According to the commission report called EU Competition Policy and the Consumer, "dominant companies have the economic strength to act without having to take account of either their competitors or their consumers." This is false. All companies are subject to close scrutiny by consumers. A company that used to thrive can collapse if consumers are not satisfied. Consumers have no obligation to purchase goods made by certain companies in a free market. No company is immune to ever-changing consumer tastes. Some may seem indestructible precisely because managers are able to adapt to various situations and endeavor to continue making profits.

One might wonder what would have happened had the vitamin companies not shared information with each other. Hoffmann-La Roche was said to have a world vitamin market share of 50% and its range was the widest of all vitamin products. The commission could have begun an investigation under Article 82 for the company's dominant position, but it was accused instead, under Article 81, of raising the prices of vitamins. If the company ever decreased its prices, it might have been accused of abusing its dominant position to drive out competitors through predatory pricing.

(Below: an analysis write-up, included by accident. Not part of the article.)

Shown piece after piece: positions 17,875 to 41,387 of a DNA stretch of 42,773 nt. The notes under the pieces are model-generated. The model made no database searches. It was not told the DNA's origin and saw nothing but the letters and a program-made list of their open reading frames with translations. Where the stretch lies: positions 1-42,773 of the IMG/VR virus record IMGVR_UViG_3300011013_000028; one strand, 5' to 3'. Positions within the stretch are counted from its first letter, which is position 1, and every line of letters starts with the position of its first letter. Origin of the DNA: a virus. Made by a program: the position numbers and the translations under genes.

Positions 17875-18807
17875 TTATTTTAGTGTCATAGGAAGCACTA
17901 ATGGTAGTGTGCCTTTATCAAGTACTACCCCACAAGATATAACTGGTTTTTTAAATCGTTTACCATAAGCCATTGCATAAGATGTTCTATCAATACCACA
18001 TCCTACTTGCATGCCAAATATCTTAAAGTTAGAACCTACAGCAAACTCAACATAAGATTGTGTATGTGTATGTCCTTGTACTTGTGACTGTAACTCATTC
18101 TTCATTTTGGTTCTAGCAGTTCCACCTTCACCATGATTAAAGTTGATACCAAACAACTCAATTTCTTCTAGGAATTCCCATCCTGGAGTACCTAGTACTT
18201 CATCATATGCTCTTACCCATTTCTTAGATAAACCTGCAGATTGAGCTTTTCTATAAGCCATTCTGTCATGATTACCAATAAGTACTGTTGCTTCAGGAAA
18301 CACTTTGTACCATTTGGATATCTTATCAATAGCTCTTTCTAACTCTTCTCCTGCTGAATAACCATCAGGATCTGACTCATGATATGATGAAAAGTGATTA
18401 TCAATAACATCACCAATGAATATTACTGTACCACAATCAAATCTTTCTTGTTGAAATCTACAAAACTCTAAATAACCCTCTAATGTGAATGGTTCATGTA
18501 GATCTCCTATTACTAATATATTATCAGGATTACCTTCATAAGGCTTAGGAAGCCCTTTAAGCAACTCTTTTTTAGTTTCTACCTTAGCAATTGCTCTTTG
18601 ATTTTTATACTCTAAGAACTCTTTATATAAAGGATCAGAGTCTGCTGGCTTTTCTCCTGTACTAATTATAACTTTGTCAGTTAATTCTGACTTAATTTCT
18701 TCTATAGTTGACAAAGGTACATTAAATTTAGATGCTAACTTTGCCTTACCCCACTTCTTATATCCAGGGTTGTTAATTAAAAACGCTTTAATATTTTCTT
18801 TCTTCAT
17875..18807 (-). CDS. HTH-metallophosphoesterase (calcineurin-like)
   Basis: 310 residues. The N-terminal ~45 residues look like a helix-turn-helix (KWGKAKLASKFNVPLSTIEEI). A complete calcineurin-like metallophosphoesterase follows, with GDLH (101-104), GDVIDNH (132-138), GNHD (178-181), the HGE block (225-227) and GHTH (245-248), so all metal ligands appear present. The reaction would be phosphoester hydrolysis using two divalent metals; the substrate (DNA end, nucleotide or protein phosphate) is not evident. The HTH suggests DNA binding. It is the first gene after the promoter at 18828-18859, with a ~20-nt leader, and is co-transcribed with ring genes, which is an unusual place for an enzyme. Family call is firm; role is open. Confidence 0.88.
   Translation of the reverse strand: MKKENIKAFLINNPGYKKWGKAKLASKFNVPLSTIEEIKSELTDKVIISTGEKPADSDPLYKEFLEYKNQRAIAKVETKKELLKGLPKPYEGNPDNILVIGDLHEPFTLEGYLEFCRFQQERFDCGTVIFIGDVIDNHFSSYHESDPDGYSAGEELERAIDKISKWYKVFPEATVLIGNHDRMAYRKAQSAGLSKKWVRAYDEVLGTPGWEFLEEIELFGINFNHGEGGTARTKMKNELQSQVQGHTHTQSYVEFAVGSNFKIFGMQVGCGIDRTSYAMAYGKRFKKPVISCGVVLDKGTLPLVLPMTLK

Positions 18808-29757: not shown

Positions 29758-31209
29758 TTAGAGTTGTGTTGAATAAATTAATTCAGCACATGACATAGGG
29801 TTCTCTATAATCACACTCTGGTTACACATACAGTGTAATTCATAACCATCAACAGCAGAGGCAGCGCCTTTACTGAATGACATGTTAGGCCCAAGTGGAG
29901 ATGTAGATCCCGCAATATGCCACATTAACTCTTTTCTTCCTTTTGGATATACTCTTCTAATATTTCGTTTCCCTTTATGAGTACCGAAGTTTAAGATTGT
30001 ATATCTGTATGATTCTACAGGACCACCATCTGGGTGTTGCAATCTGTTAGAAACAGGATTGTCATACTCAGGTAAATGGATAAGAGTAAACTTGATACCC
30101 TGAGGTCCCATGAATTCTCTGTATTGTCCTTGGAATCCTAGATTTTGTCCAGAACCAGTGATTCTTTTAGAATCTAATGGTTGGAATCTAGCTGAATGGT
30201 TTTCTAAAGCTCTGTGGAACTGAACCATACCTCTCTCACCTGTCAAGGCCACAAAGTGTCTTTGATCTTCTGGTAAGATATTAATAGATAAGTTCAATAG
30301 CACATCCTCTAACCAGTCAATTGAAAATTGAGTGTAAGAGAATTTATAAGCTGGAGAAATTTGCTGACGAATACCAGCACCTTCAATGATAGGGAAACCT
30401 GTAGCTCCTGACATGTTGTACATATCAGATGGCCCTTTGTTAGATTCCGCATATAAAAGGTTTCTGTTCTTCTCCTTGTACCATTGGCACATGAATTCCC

Conclusion

The EU antitrust law leaves many businessmen in a fog. It is difficult enough satisfying fickle consumers. On top of that, they have to devote a lot of time and resources into complying with regulations that in fact hamper competition in markets. The regulators are effectively saying that they know more efficient ways of organizing markets than those who actually buy and sell. As a person with no experience of running a restaurant, if I told a restaurant owner how much meat and vegetables to buy per day, how many bottles of lemonades to buy, how many waiters to hire and so on, it would be disastrous. Such knowledge can only be gained through experience and no super calculation can compete with that.


Yumi Kim studied law in London, where she now works in financial services. Send her mail. See her archives. Comment on the blog.